Bureau of Reclamation Commissioner Camille Touton tasked seven states that use water from the Colorado River with determining how to cut between 2 and 4 million acre-feet of water in June, warning them that the Bureau of Reclamation would step in and “act unilaterally” to protect the system if they didn't.

But these states emerged from 3 months of negotiations this week with no agreement and are now waiting for direction from the Bureau of Reclamation, which has not offered any details on when and how it would exert its authority to make the cuts.

The agency did declare a Tier 2a shortage for the 2023 water year on Tuesday, increasing existing curtailments for the three lower basin states and Mexico.

These parties agreed to incremental reductions in 2007 when they signed Interim Storage Guidelines, which they later revised in 2019. Under a Tier 2a shortage, Arizona would lose 592,000 acre-feet of its yearly allocation (21% of the state’s annual apportionment) while Mexico would lose 80,000 (7% of its annual apportionment) and Nevada would lose 21,000 (8% of its annual apportionment). No cuts will come to California.

But Touton requested all seven states make additional cuts in 2023 to preserve operations on Lake Powell and Lake Mead. She and state water officials admitted Tuesday that no consensus had been reached.

Early on in the negotiating process, the four states in the upper Colorado River Basin — Colorado, New Mexico, Utah and Wyoming — announced a five-point plan to conserve water, but did not propose any cuts to their allocation. These states, which used a collective 3.5 million acre-feet of water in 2021, said the reductions needed to come from Arizona, California and Nevada, which used 7.5 million acre-feet.

"The lower division states have got to figure out how they're going to use less water to balance the system,” Gene Shawcroft, Utah’s water commissioner, told Agri-Pulse in July. "We believe that there are things we can do in the upper division to help, but we can't solve the problem without their participation in some significant cuts.”River_allocation_graphic_low_res.png

Arizona and Nevada put forward a proposal for 2 million acre-feet of reductions between the lower basin states and Mexico. But, according to Arizona Department of Water Resources Director Tom Buschatzke, it was rejected by California and the Bureau of Reclamation.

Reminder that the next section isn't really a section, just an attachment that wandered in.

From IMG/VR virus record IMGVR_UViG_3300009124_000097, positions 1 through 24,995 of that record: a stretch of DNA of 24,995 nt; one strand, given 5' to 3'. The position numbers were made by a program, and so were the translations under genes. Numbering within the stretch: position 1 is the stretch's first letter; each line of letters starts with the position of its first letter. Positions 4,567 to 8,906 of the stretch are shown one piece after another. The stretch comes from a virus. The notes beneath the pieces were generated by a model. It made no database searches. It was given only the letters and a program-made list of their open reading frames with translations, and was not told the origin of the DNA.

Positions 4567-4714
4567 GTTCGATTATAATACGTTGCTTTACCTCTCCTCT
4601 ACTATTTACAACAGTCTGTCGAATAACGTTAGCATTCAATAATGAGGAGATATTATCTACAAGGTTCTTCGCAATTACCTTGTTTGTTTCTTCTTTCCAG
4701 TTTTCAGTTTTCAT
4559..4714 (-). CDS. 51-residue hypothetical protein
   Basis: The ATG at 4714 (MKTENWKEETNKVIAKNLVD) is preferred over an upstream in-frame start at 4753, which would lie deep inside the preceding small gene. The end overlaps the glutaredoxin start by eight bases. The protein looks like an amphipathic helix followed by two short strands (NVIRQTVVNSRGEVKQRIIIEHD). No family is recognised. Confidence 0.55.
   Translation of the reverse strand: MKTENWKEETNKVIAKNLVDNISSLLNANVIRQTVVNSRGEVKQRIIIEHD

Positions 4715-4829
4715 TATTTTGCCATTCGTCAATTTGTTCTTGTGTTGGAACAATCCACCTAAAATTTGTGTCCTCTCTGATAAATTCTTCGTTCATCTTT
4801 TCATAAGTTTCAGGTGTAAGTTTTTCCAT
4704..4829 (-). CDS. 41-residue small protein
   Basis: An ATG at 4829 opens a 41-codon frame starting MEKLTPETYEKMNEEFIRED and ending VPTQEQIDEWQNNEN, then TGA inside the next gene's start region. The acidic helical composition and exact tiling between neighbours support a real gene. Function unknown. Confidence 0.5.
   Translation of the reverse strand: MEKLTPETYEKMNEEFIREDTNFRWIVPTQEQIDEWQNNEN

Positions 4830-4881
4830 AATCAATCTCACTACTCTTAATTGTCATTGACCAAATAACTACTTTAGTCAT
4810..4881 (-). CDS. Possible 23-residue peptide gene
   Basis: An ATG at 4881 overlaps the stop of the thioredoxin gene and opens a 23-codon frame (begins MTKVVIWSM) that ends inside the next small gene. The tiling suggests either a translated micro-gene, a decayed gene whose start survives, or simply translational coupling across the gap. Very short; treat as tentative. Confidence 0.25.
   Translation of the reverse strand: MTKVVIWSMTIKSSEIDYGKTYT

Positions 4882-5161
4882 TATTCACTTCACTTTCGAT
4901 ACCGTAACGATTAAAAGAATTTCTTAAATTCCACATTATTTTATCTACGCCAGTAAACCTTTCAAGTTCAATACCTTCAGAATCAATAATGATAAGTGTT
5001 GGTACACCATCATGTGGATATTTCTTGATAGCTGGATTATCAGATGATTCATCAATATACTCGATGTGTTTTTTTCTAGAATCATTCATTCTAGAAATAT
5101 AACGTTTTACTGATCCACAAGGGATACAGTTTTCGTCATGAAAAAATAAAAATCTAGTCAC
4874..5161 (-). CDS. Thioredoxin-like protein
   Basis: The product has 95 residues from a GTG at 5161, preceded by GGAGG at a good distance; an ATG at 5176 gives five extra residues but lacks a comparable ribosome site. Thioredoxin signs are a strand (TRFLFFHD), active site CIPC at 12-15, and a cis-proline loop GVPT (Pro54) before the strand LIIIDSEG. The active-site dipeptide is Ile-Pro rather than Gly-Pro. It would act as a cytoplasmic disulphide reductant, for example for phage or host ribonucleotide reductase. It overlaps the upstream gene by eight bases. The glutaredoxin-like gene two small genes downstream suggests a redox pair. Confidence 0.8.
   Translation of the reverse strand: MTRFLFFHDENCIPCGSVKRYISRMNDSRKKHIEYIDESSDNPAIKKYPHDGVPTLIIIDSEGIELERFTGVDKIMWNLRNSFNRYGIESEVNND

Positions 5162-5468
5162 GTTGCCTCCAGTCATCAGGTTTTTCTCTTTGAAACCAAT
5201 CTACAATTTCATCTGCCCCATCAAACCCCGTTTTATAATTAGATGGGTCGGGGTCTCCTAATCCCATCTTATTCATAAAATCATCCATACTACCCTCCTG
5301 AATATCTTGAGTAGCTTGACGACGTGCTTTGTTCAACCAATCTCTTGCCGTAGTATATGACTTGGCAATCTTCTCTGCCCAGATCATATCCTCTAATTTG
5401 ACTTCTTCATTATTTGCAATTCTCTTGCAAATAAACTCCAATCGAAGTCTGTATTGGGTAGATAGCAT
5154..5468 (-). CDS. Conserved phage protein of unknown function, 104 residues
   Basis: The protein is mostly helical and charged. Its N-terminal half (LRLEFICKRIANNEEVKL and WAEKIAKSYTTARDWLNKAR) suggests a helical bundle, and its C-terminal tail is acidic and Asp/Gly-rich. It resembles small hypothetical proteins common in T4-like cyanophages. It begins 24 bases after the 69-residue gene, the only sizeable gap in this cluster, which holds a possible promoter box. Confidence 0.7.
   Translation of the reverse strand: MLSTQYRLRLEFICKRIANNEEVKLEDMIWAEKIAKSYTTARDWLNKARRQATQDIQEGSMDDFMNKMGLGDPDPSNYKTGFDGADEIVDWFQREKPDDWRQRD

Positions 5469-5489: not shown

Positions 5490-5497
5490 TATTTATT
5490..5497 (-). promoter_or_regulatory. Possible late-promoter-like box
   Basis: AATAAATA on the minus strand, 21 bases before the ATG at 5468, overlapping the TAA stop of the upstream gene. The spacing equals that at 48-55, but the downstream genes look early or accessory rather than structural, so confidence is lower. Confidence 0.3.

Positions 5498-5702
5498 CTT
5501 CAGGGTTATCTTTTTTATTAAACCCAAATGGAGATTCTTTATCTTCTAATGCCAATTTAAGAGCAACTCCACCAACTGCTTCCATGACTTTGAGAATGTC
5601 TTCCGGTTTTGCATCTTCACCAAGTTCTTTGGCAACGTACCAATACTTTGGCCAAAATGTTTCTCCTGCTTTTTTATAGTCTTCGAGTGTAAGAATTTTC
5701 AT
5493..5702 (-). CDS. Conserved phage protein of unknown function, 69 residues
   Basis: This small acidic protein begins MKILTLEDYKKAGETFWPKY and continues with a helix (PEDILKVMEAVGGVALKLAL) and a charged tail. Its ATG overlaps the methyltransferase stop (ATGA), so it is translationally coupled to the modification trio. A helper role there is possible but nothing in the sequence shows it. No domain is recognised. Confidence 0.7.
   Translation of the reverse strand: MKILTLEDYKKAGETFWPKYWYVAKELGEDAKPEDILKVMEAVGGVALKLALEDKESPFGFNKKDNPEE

Ted Cook, the manager for the Central Arizona Project, said California and Arizona negotiators did not agree on proposed water curtailments. He and Buschatzke also said California was more focused on creating voluntary water reduction programs, while Arizona wanted to see mandatory ones.

“I absolutely believe they are negotiating in good faith,” Buschatzke said. "They have put resources on the table. We don't think they were enough.”

Peter Nelson, the chairman of the Colorado River Board of California, expressed his disappointment with the lack of an agreement in a statement Tuesday and called for negotiations to continue despite the deadline passing.

“California believes that in the remaining months of 2022, all parties across the Basin must remain engaged with the goal of reaching agreement on substantial water use reductions,” he said. “Given the monumental challenges before us, inactivity is not an option.”

Nevada’s primary Colorado River negotiator, John Entsminger, said in a letter to Interior Department officials on Monday that conversations had produced “exactly nothing in terms of meaningful collective action to help forstall the looming crisis.”

In the letter, Entsminger called for the department to use its authority to preserve water levels in the river. But on Tuesday, Touton and other Interior officials did not offer any details on precisely when and how the agency would exert its authority to make the cuts. Instead, they said the department was still focused on brokering an agreement between the states.


“The Interior Department will continue working with the basin states to develop a consensus solution,” said Tommy Bodreau, the agency's deputy secretary. "There is still time for that.”

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Touton did say the Bureau of Reclamation would explore the feasibility of altering Glen Canyon Dam to operate under lower water levels and also consider releasing more water from the upper basin’s reservoirs to prop up Lake Powell. She said the department also will look into “administrative initiatives” that would maximize urban and agricultural water efficiency in the region. She would not provide additional details or give a timeline for any of these actions. 

The Bureau of Reclamation will be soon receiving $4 million in drought-related funding to aid with its water conservation efforts, however. The money was included in a climate funding package that President Joe Biden signed into law on Tuesday.

Among other things, the funding could be used to compensate water users for water cuts or to pay for projects that reduce water use. The agency is “required to prioritize the Colorado River Basin and other basins experiencing comparable levels of long-term drought."

Buschatzke and Cook said they’d like to see more details on the Bureau of Reclamation’s plans.

“We would encourage and do encourage the United States to move forward as expeditiously as they can to get to that point where they can define what they will do and when they will be able to do it,” Cook said. “The sooner, the better.”

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